WASHINGTON – Bernie Sanders says his plan for free college for all could be paid for with a tax on Wall Street trading, a plan that his website says will have the additional benefit of reducing “risky and unproductive high-speed trading and other forms of Wall Street speculation.”
But how would such a tax work? And could it raise the sums of money needed to provide a free college education for all?
A tax on Wall Street transactions likely would affect both big traders and mom-and-pop investors, and probably would impose different levies on different types of trading.
Supporters of the tax say the burden of the tax would fall largely on frequent traders, while those who buy stocks and hold on to them regardless of market conditions likely would barely notice its effect.
Such a tax has the potential to yield billions of dollars. A recent analysis by the nonpartisan Tax Policy Center found that a 0.01 percent tax rate could generate $185 billion over 10 years.
Financial transaction taxes “are a good way to raise money and they dampen speculation,” said Dean Baker, an economist and co-director of the Center for Economic and Policy Research. “They discourage speculation for the simple reason it’s more expensive.”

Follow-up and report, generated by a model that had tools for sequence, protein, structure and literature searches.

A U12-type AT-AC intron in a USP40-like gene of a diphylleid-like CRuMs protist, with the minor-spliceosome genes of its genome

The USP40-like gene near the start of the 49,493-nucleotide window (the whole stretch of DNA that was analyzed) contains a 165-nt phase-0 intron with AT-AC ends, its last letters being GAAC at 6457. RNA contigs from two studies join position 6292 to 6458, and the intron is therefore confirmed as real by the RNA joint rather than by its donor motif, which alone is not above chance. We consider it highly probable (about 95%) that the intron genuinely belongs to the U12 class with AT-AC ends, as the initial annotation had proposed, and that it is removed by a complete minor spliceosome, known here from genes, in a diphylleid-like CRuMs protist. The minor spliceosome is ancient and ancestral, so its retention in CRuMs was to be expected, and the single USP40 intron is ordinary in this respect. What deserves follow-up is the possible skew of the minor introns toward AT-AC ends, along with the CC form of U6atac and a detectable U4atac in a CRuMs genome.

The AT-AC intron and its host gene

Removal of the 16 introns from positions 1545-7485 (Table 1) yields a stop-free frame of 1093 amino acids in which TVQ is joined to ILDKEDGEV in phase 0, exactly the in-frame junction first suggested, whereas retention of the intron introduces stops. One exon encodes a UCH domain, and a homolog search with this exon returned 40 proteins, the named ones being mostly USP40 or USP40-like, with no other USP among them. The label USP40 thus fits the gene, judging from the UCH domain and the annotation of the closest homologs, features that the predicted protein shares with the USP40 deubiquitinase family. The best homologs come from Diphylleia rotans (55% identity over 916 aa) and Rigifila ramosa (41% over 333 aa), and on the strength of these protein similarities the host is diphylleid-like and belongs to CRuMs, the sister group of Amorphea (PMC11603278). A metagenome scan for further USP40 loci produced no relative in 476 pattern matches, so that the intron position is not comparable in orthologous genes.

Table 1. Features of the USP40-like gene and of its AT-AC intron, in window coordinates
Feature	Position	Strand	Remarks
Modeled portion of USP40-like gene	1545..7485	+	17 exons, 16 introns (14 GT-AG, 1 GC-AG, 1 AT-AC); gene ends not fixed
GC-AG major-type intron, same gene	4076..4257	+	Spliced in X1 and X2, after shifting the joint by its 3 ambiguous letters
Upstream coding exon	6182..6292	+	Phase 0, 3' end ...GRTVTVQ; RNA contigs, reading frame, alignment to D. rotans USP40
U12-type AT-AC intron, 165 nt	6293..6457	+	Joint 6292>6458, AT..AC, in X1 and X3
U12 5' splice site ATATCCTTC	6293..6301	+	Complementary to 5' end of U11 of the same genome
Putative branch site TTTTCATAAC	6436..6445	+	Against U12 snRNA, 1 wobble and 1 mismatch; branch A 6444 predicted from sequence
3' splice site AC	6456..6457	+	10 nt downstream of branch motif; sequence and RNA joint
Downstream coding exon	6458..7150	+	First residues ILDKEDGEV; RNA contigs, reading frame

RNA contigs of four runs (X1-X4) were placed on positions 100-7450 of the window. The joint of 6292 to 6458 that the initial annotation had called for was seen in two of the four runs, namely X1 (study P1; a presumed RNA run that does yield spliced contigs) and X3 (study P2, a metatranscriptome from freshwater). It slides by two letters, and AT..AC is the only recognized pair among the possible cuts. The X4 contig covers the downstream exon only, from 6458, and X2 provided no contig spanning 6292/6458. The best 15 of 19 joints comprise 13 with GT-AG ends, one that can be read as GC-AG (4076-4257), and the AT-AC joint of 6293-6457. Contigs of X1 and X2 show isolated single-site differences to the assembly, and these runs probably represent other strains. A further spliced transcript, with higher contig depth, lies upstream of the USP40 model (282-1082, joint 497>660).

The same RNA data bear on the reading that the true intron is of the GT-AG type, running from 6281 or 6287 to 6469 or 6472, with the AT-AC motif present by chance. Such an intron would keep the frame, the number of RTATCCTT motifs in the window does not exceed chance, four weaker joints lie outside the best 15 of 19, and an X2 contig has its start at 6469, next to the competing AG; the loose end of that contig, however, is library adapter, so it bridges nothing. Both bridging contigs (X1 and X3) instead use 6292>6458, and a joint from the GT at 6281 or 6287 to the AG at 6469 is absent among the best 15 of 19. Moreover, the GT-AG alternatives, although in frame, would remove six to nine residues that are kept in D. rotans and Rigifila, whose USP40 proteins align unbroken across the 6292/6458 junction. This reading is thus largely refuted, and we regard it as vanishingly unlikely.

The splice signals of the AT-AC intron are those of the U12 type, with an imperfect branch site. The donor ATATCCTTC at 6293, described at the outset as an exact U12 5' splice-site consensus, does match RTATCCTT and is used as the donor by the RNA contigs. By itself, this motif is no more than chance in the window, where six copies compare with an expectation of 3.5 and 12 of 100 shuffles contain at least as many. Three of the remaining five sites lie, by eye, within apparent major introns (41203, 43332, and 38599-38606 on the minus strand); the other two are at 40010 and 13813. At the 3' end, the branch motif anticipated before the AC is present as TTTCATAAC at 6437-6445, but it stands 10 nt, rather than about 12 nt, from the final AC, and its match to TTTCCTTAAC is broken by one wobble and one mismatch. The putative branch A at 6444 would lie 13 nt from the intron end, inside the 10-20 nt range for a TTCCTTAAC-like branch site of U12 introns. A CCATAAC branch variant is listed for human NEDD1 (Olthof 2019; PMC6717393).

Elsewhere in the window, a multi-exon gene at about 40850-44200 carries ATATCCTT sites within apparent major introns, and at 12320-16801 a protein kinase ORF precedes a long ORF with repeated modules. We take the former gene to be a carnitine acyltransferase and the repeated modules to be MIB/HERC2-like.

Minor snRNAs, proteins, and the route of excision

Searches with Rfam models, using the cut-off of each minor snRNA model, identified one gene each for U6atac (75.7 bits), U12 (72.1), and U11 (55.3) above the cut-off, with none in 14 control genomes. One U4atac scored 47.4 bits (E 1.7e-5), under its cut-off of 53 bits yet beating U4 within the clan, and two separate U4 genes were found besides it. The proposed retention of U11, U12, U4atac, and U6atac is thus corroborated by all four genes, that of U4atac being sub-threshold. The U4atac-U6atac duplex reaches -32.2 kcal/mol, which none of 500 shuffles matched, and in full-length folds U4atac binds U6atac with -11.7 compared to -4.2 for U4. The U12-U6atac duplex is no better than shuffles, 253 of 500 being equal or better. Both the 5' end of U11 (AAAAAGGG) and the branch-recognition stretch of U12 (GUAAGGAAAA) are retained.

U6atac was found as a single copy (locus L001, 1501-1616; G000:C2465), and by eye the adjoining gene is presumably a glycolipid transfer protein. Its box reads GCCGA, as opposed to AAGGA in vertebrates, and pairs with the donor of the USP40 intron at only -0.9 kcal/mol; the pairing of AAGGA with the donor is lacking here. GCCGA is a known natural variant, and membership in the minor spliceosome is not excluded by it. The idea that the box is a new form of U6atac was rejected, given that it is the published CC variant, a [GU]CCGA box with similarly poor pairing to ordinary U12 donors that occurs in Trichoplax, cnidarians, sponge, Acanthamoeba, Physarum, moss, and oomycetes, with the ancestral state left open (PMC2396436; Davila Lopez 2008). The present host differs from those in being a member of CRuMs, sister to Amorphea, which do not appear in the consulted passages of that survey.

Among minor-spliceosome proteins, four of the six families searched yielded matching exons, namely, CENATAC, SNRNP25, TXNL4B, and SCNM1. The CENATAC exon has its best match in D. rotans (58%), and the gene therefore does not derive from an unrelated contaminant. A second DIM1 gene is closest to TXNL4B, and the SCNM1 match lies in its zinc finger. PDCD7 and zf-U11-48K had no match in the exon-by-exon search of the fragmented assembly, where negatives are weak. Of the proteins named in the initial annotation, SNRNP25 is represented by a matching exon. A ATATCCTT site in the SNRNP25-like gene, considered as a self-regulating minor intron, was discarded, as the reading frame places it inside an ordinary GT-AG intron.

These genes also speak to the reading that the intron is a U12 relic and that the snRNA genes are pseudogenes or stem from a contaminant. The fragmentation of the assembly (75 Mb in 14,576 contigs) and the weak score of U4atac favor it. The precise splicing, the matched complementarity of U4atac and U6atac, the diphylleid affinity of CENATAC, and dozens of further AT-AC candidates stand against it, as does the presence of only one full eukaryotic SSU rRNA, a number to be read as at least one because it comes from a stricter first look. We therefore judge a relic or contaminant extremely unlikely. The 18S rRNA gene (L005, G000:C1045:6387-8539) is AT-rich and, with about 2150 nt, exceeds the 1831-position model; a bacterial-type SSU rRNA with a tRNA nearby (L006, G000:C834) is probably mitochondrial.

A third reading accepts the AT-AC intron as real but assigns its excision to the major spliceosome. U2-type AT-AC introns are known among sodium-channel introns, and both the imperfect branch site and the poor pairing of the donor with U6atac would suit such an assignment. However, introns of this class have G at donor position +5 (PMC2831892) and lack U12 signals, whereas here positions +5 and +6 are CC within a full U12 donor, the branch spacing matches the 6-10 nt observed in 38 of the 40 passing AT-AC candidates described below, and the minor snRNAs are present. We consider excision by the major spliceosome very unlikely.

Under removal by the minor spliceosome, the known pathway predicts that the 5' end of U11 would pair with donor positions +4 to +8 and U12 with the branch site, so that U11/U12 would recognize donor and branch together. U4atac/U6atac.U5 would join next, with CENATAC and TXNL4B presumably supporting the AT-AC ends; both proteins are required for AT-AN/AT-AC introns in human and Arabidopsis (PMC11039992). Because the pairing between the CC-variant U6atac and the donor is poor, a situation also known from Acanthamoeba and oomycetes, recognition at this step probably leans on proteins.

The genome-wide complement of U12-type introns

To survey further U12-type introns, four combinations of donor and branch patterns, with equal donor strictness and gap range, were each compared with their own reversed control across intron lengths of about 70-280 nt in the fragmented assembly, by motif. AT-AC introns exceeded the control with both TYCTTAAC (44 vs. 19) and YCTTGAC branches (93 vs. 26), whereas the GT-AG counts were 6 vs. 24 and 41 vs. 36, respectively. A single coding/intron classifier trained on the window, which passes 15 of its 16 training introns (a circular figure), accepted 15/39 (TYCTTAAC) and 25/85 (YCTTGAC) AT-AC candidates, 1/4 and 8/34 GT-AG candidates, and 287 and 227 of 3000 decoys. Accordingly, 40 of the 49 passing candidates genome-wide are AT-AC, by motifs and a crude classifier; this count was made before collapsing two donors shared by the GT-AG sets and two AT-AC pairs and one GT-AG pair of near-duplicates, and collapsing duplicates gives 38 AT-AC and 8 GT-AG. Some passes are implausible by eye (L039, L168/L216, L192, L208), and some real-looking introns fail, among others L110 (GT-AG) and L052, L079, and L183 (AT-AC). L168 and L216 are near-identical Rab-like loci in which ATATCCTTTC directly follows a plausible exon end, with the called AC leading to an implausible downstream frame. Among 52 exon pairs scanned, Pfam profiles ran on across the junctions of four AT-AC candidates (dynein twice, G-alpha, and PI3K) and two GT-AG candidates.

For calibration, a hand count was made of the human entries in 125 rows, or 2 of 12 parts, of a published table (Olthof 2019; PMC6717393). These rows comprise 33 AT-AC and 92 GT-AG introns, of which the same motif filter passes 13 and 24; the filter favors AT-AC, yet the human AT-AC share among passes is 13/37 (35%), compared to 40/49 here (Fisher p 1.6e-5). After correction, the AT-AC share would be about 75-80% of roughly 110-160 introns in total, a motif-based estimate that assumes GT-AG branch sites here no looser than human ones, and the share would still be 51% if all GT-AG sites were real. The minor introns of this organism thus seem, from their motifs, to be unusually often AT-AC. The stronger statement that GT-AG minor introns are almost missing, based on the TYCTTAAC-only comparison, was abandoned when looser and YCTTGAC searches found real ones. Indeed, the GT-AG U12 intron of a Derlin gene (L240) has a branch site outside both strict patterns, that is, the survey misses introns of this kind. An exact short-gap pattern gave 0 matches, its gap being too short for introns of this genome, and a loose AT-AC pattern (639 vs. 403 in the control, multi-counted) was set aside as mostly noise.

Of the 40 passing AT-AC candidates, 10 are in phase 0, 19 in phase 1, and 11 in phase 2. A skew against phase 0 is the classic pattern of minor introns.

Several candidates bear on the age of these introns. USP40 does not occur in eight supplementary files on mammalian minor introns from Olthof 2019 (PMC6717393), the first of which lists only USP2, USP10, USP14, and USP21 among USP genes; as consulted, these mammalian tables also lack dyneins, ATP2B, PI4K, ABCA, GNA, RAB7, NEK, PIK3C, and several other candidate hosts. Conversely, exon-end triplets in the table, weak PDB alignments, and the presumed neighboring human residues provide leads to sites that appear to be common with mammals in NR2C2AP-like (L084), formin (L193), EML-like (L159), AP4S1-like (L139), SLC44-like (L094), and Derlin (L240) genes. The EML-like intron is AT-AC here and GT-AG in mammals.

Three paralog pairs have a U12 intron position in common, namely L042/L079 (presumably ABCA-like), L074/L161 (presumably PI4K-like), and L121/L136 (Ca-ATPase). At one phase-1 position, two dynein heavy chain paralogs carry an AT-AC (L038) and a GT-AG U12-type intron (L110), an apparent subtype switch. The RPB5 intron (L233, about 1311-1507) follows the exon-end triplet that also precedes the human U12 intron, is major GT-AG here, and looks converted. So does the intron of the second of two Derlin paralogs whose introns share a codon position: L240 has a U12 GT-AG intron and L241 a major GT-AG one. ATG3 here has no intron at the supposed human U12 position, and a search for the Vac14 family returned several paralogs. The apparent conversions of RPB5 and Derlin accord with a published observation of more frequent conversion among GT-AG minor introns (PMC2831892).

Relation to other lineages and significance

Yet many other economists discredit financial transaction taxes for exactly that reason, arguing that they ultimately reduce asset values and cause trading volumes to drop.
“You are going to earn some revenue on the tax side but you’re going to lose revenue on the capital gain side,” said James Angel, a finance professor at Georgetown University.
Angel thinks implementing a transaction tax would “distort the economy” and undoubtedly reduce investments. He also argues it would likely cause financial firms to pass the cost of the tax on to investors.
“The transaction tax is not going to hit the fat cat fraudsters who brought down the economy,” Angel said. “They don’t trade very often. … At the end of the day it’s your mutual fund and my pension plan that are going to end up bearing the burden of the tax.”